‘The Outpost:’ a modern war film with meaning

Nolan Fullington, News Writer

“The Outpost” is a modern war film directed by Rod Lurie with a script from the writers who brought us “Patriots Day,” “The Finest Hours,” “Fighter” and a slew of “Air Bud” movies. So quite the odd filmography.

A small unit of U.S. soldiers is alone at the remote Combat Outpost Keating, located deep in Afghanistan, battling an overwhelming force of Taliban fighters in a coordinated attack.

The goal: survive.

This is a true story from 2009 that became known as “the bloodiest American battle of the Afghanistan War,” and this group of American soldiers became the most decorated men of that time.

“The Outpost” theatrical release poster

This film was released in early July, but I was reluctant to watch it because I have a huge problem with war films set in the modern-day. When a studio sets out to make a modern war film nowadays, they usually reach out to the military to get access to military-grade equipment like tanks, jeeps and other weaponry.

However, the military does not graciously do so without strings attached. They must first approve the script, meaning that the majority of the time, war films set in the modern-day are essentially propaganda to recruit Americans to the military by making war look “badass.”

Films like “12 Strong,” the “Transformers” films, the works of Roland Emmerich and even “Captain Marvel” to a certain extent, are guilty of building-up modern warfare in that sense, but not to the point of exploitation.

So when those films came out, I experienced plenty of trailers and advertisements from the military as a partnered campaign with the film to increase recruitment.

I loathe modern war films that pretend that war still isn’t awful, which is why I happened to love “The Outpost.” It reminds us, even with the advancements of technology today, that war is still horrifying and taking human life, and watching those around you die is awful to experience.

What caught me off guard about “The Outpost” initially was the lack of story or plotting. But as the film progresses, you find that the entire film is essentially on a countdown, but one you can’t see: the Taliban are coming and you never know when.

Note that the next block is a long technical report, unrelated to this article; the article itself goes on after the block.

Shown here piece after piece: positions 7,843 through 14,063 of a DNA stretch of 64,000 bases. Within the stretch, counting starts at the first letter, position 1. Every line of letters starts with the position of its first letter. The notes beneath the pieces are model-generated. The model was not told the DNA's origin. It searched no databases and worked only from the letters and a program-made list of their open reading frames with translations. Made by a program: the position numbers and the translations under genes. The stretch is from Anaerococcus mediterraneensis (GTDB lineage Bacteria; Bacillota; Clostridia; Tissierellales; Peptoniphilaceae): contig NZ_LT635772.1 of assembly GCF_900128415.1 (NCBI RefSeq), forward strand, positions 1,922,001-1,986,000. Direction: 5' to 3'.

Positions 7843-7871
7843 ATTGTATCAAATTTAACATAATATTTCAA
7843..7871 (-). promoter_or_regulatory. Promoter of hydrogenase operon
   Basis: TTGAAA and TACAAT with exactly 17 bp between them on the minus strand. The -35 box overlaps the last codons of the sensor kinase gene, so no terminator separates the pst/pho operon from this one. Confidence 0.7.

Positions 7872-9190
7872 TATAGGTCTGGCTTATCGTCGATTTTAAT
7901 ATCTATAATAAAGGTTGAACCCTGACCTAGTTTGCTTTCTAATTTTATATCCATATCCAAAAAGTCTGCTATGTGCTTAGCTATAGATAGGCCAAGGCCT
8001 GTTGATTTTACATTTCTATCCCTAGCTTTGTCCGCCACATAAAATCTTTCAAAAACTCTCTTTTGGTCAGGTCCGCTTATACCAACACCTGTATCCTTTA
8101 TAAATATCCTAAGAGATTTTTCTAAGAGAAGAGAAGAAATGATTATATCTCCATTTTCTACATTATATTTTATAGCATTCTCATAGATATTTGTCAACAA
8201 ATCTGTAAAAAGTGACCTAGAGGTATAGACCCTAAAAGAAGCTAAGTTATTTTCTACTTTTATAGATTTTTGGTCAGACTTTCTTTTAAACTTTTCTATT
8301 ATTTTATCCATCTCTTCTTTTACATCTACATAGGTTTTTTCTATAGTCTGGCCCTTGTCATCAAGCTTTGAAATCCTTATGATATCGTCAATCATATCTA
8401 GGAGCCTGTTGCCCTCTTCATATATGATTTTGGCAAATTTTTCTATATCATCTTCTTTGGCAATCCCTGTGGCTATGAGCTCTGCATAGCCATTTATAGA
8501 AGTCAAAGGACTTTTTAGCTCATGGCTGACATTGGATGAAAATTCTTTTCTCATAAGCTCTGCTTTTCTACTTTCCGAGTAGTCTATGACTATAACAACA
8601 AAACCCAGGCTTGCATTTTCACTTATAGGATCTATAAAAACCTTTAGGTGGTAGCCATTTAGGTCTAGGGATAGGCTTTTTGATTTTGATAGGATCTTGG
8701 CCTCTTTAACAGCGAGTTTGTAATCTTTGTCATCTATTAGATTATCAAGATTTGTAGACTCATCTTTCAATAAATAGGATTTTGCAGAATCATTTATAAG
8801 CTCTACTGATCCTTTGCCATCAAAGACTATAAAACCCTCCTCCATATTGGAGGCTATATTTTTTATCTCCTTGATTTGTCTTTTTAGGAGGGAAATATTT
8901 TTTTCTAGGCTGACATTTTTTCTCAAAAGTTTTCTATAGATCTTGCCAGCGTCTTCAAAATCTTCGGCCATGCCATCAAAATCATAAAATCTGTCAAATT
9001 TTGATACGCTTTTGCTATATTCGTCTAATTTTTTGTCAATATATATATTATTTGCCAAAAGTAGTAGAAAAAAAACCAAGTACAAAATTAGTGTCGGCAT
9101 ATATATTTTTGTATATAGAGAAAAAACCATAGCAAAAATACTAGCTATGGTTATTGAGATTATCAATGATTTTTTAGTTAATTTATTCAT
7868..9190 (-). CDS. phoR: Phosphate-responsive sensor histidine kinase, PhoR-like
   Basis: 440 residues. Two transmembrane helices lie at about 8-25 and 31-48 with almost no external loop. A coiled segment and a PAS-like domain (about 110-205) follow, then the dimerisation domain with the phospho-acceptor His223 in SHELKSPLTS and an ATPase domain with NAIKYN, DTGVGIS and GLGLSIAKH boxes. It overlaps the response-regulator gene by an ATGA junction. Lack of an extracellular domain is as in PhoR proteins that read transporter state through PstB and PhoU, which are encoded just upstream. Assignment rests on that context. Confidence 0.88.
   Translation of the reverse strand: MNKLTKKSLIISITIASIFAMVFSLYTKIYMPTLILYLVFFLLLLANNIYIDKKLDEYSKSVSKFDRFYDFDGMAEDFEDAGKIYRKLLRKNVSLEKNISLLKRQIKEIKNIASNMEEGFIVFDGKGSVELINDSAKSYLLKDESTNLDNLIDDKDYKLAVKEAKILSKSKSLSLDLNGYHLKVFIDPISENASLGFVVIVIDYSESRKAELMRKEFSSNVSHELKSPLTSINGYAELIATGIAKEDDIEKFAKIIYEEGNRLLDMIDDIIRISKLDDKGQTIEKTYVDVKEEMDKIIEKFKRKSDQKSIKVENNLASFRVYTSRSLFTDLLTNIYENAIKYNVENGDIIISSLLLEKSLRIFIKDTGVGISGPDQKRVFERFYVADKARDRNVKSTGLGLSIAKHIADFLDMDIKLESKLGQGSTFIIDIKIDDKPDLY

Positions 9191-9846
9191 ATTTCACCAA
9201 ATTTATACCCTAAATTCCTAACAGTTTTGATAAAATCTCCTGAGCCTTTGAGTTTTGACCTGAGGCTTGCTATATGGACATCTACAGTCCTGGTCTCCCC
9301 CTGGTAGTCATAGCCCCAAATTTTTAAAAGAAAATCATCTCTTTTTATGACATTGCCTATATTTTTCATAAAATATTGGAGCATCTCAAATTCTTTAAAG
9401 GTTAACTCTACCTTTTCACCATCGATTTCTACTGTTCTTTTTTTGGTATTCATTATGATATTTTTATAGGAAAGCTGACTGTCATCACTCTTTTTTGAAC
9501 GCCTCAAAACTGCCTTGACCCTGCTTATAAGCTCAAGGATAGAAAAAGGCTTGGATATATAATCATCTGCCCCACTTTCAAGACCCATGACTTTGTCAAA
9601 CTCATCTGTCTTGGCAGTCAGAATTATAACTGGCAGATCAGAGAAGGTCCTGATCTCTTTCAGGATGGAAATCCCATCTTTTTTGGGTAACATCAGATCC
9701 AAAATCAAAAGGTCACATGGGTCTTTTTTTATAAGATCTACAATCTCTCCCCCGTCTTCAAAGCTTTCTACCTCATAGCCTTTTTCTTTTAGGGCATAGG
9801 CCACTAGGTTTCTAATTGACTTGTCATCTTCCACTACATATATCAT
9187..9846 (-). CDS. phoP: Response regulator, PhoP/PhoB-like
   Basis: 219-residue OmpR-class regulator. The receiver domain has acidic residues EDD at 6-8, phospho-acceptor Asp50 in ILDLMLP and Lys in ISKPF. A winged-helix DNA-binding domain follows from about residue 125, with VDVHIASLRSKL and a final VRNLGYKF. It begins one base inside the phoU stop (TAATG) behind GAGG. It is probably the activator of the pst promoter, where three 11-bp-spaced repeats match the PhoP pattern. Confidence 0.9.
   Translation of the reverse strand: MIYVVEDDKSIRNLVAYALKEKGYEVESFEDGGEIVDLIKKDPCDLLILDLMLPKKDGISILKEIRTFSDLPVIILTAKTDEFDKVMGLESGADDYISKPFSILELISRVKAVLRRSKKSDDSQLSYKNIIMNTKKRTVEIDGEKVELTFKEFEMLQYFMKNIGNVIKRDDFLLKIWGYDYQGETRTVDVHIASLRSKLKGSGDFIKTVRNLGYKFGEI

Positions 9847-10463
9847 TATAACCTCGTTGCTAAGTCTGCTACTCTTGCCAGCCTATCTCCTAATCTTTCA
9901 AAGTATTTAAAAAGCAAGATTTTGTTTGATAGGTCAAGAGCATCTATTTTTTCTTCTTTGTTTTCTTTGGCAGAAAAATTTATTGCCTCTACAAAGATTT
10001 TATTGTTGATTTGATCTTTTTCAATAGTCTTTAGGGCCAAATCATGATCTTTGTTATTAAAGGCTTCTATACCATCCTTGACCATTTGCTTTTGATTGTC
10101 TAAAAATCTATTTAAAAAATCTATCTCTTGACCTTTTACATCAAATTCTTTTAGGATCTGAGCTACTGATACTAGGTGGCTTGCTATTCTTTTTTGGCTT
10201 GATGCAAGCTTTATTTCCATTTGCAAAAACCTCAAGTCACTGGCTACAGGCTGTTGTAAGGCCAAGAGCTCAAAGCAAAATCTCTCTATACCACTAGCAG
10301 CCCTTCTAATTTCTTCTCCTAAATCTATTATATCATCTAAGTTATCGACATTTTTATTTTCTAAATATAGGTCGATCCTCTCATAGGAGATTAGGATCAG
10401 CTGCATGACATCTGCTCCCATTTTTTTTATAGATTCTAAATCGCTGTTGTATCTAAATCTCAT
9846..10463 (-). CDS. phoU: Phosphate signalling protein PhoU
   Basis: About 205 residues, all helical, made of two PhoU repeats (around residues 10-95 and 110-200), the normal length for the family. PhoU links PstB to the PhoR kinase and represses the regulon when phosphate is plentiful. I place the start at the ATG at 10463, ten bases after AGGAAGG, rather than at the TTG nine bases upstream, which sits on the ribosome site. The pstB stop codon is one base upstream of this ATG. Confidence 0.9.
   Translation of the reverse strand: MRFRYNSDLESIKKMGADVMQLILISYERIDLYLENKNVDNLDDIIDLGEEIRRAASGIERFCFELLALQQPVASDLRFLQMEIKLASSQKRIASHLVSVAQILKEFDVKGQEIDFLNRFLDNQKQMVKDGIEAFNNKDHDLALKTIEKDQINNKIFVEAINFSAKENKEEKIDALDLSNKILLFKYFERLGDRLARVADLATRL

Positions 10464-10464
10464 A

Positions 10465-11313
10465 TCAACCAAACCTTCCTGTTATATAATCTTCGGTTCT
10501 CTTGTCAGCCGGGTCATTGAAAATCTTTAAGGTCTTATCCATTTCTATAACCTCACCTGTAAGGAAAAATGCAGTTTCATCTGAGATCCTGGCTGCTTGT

And what I found so impactful was how abrupt the attacks were. The film takes what audiences know about scene construction, structure and pacing, and says, “What if during the scene of character interaction, it’s cut off right in the middle with an attack in the dead of night.”

Usually, I am a stickler for structure in film, but in something recent like “1917,” the film is trying to make the audience another character and providing them with this stressful and paranoid experience where you never know what’s going to happen next.

What really helps with that idea was having absolutely no protagonist. The closest we have to one shockingly departs not even halfway through the film. That abrupt exit is a way of telling the audience that nobody is safe here.

There are a handful of characters you do get to know, but none stick out as much as the lead until, perhaps, the very end. The last name of one of the actors does give away his significance in the film, but some of those characters do end up dying because this is a true story — not a Hollywood manifestation.

One other aspect about the characters that I found was terrifically handled was that they don’t feel like movie characters. So often in war films, you get to know them by odd traits — like one has weird glasses, another tells jokes or one takes the photos, another is afraid of combat.

Those elements are there in this film, but so subdued to where I felt like I was watching a documentary, which can be attributed to great direction.

This film also doesn’t trade the emotional trauma of these characters for “badass” action scenes that make America look “awesome.”

In fact, the final scene of this film is one of the soldiers crying in therapy because he did everything he could to save a fellow soldier, but he died while being worked on by the medical unit. When in another film, that soldier would save his friend and the friend would live on and make for a sappy ending.

“The Outpost” just takes all of those familiar elements and twists them into such a pessimistic ideology. If you’ve read my reviews consistently, you’d also know that I hate movies that have the entire final act be one long action scene.

“The Outpost” is two hours and literally the last forty-five minutes is a battle and not one second of it lets you go; you’re biting your nails on the edge of your seat the entire time.

So this director needs a trophy or some kind of recognition for making one of the longest and tense “action” scenes of the last several years. One detail I did find distracting, though, was every time a new character appears on screen a lower third graphic pops up to state their name.

I get what the film is doing by trying to highlight as many soldiers as they can, but the placement of the names felt awkward at times.

This film came out in the middle of summer and nobody really talked about it because of the pandemic, but this film deserves some kind of recognition because I don’t remember the last modern war film I saw that was this good.